dreadedcandiru2 (dreadedcandiru2) wrote,

Anvil and the chipmunks: morality in the Evansverse......

Evans doesn't just have broad characterization and a sort of bait and switch game in common with Johnston; he also seems to share her love of subtle-as-a-mallet moral lessons in which his characters interact with flat, one-note stereotypical characters who disappear when the Aesop has been rubbed in. As an example, let us call to mind Bernice's addict ex-boyfriend; he was less a person with a problem than he was a personification of a problem. The end result is that we had realistic people interacting with the Scary Drug Dealer™ from the PSA who morphed into a humanoid rattlesnake before our very eyes, lept out at us and hissed how he wasn't our friend and terrified the Nostalgia Critic. Neither person had anything like a redeeming characteristic in their bodies. Similarly, Dirk the Jerk is less a man and more roid rage shoved into Levis. The problem with inflicting personifications of social problems on people who are meant to be real is that it subtracts from their realism. Granted, it's better to have a Very Special Story Line that points to the truth than it is to have the sort of warped morals Lynn promulgates (such as "Since other people litter, it's no good setting a good example"), it would be better still to have such issues flow organically from the characters that are already there like he did when Delta was diagnosed with lymphoma. She was and is more than her disease so watching the others deal with standees that represent issues is annoying.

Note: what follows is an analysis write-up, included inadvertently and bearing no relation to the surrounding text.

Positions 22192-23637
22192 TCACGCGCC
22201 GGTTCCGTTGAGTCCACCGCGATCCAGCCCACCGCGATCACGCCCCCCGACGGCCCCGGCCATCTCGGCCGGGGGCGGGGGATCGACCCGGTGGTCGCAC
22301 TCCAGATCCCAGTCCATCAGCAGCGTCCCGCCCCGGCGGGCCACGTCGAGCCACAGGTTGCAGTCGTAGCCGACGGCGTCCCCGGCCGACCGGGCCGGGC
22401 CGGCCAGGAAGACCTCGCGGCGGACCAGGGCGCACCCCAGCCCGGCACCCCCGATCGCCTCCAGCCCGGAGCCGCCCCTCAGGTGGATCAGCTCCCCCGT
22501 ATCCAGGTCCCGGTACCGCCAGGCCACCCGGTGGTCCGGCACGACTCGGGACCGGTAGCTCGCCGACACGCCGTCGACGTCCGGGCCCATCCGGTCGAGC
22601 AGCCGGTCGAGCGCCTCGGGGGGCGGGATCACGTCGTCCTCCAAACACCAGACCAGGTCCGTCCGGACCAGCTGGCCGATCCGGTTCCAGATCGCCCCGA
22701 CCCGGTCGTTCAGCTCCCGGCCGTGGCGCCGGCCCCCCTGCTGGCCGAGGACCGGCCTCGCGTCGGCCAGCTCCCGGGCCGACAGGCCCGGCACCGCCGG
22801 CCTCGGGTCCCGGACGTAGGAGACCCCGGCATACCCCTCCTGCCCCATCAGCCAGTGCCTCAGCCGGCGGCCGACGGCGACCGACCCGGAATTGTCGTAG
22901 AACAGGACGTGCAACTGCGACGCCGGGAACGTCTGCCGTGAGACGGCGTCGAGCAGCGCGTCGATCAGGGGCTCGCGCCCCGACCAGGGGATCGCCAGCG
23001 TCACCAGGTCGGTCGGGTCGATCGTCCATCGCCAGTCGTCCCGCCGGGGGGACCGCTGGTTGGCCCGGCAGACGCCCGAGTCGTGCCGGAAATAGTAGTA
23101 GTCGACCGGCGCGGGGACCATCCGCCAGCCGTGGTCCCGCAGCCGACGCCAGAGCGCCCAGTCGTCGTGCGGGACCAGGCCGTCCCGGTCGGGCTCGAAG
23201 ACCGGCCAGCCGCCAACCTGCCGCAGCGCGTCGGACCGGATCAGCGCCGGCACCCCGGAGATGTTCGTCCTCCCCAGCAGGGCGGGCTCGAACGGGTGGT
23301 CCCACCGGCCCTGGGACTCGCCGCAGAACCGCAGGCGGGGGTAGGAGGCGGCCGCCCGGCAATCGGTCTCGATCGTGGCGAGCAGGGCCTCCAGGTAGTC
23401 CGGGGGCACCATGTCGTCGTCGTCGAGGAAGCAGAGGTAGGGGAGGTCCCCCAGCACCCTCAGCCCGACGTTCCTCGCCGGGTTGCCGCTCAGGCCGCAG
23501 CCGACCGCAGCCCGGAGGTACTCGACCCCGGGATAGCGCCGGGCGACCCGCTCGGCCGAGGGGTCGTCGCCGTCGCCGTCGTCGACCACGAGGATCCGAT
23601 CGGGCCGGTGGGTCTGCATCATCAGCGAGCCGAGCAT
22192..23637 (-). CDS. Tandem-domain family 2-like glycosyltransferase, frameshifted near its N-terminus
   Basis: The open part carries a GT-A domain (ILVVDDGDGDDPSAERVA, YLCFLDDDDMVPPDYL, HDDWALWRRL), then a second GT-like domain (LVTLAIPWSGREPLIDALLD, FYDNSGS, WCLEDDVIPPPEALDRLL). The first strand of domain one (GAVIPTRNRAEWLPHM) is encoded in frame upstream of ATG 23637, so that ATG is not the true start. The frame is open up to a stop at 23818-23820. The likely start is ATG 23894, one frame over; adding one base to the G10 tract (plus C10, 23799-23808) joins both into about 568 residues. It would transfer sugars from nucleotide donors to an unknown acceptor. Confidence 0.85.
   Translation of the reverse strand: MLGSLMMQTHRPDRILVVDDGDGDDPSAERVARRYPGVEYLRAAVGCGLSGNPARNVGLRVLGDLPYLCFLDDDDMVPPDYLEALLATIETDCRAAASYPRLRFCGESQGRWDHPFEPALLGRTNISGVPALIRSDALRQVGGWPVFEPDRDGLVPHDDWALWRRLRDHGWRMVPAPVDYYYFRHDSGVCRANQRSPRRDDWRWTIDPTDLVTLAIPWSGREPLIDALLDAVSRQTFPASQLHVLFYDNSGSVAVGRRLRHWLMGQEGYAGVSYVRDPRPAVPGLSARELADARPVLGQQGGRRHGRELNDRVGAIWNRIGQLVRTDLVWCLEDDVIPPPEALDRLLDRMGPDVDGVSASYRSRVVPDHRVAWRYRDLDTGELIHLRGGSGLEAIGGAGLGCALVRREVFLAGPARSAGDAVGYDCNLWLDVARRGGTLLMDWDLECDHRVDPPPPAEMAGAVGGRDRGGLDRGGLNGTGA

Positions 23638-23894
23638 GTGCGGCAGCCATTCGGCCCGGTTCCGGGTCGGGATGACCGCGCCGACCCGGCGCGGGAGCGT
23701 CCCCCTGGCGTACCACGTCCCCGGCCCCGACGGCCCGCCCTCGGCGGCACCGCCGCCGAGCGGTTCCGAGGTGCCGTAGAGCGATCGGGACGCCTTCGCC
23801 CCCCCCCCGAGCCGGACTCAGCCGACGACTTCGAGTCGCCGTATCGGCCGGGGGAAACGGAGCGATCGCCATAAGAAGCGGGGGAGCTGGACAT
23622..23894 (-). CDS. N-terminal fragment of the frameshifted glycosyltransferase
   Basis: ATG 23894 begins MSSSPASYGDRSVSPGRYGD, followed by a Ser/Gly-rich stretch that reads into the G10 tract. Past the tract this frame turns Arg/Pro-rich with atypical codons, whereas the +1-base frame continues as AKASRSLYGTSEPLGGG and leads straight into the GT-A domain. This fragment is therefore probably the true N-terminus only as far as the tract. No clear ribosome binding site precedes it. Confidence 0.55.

Tags: i can't believe it's not tiffany.

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